Since I didn’t wake up until noon, after being up until dawn, I’m not sure if it’s today or tomorrow. Or maybe it’s still yesterday. Time, after all, is relavent–to what I couldn’t tell you, but I heard that once and liked it, so I use it as often as I can because it makes me sound intelligent–or stupid. Whatever. I just like to say it.
That’s my grandson Noah in the picture here, with his Gold Medal winner, Big Red. Noah has a goal in life, something very important for kids. He was 11 when this picture was taken. His goal is to have 20 of those beasts by the time he graduates high school. He’s 12 now, and I don’t know how many beasts he owns, but he’s the next farmer in the family. He does have a tendency to make pets out of all of the animals around him, but that’s not such a bad thing. Especially since his dad really hates those particular beasts as much as I do.
Now why do his dad (Mike) and I hate the beasts? Different reasons. I spent 30 years of my life as a farm wife, and we raised the beasts for the market. We also planted a huge garden every year. The night before the corn was ready to be picked for freezing the beasts on the home farm always broke through the fence and used the rows of corn for their own buffet table. My favorite veggie, and those beasts, with fields full of clover to munch on, were helping themselves to it. How did they always know I was going to pick it at daybreak? How did they always find a place to break through a weed burner fence to get to it? I never could figure that one out. But, I always had to chase them out before I could go in and pick what they left me.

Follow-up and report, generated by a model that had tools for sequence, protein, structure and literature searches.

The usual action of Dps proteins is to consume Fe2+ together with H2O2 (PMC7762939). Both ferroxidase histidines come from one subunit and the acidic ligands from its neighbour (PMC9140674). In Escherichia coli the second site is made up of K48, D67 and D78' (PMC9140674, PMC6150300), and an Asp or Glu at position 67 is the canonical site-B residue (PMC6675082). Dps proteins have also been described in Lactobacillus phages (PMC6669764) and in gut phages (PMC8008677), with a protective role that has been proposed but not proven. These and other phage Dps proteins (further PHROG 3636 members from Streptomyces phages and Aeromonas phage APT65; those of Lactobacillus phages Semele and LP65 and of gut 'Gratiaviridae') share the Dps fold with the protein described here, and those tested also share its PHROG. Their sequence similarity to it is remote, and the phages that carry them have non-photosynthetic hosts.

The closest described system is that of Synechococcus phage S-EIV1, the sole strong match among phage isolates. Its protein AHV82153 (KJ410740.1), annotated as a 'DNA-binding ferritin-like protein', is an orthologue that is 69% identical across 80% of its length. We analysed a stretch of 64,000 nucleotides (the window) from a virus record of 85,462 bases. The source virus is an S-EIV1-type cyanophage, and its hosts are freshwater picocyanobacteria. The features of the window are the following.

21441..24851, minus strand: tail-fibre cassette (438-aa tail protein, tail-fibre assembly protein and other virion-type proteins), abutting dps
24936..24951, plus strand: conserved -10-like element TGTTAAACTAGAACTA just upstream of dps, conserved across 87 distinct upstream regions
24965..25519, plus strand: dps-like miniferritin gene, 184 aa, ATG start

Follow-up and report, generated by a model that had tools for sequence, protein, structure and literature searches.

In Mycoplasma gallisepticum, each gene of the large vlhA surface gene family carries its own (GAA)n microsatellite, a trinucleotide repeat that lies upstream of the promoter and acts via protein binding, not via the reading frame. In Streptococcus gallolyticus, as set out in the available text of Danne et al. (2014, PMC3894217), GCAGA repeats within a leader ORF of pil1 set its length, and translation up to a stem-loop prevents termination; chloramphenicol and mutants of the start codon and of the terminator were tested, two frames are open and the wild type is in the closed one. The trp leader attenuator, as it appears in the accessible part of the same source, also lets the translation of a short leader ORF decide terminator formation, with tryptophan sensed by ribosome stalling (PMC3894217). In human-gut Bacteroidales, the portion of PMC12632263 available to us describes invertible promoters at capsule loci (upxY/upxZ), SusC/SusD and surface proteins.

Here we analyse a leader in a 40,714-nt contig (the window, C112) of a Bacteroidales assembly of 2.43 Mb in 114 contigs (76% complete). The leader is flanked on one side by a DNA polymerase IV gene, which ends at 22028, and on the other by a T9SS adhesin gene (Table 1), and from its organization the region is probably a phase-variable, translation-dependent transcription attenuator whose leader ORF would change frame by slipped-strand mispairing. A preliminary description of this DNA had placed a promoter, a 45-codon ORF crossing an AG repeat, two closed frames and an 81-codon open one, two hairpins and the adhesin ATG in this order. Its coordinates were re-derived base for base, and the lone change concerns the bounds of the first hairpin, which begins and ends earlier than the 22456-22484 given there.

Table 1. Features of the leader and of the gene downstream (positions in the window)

Mike just doesn’t like animals. Not any kind of animal. Of course Mike is a little bit strange anyway. He’s a Leap Year baby, so he keeps reminding me he will be 11 for three more years. The whole problem is that he still acts like he’s 11 when he’s around me. At work he is a very dependable, knowledgable man, but around me he’s still the oddball kid that I could have sworn belonged to someone else, except we were the only ones in the delivery room when he was born other than the doctor and nurses. My first two kids were bald as eagles, and then there was Mike. A head full of dark hair, big blue eyes, beautiful baby, but I just had to ask them if they were sure he was mine. I think I would have asked them to put him back where he came from, but the memory of what the last several hours were like was still fresh and I had a feeling the reverse action would not be pleasant. So, I decided to keep him. For the most part I have never regretted it.
If you read my first post you know I have MS. That means that for the past ten years I fall a lot. And it seems like every time I fall I hit my head. My kids have different ways of dealing with that. Gina is concerned and always wants to know if I’m okay. Don asks if I cracked a wall and if he will have to pay to have it fixed. Mike–well, Mike says as long as I only hit my head I’ll be okay, since that’s the hardest part of my body! I bought a rubber mallet with Mike’s name on it, and also have his name on my cast iron skillet, so if he says that at just the wrong time I’ll use whichever one is handiest to hit the hardest part of HIS body, which of course, is his head. He’s a little bit too much like me. I have decided I will have the last word though. I have told my kids I want to be creamated–preferable after I die. What I haven’t told them is that I want my ashes put in three urns, and that each of them is to take an urn home and place it in the middle of the dining room table, so I can be there for dinner with them the rest of their lives.
Maybe I should include a movie after dinner. Mike can barbeque one of Noah’s beasts, we can have baked beans and potato salad, with iced tea or lemonade, and then kick back and enjoy a movie, and since people shouldn’t speak ill of the dead, Mike should choose Casablanca–my favorite movie, and just enjoy it for my sake, with no bad comments about me hitting my head one too many times.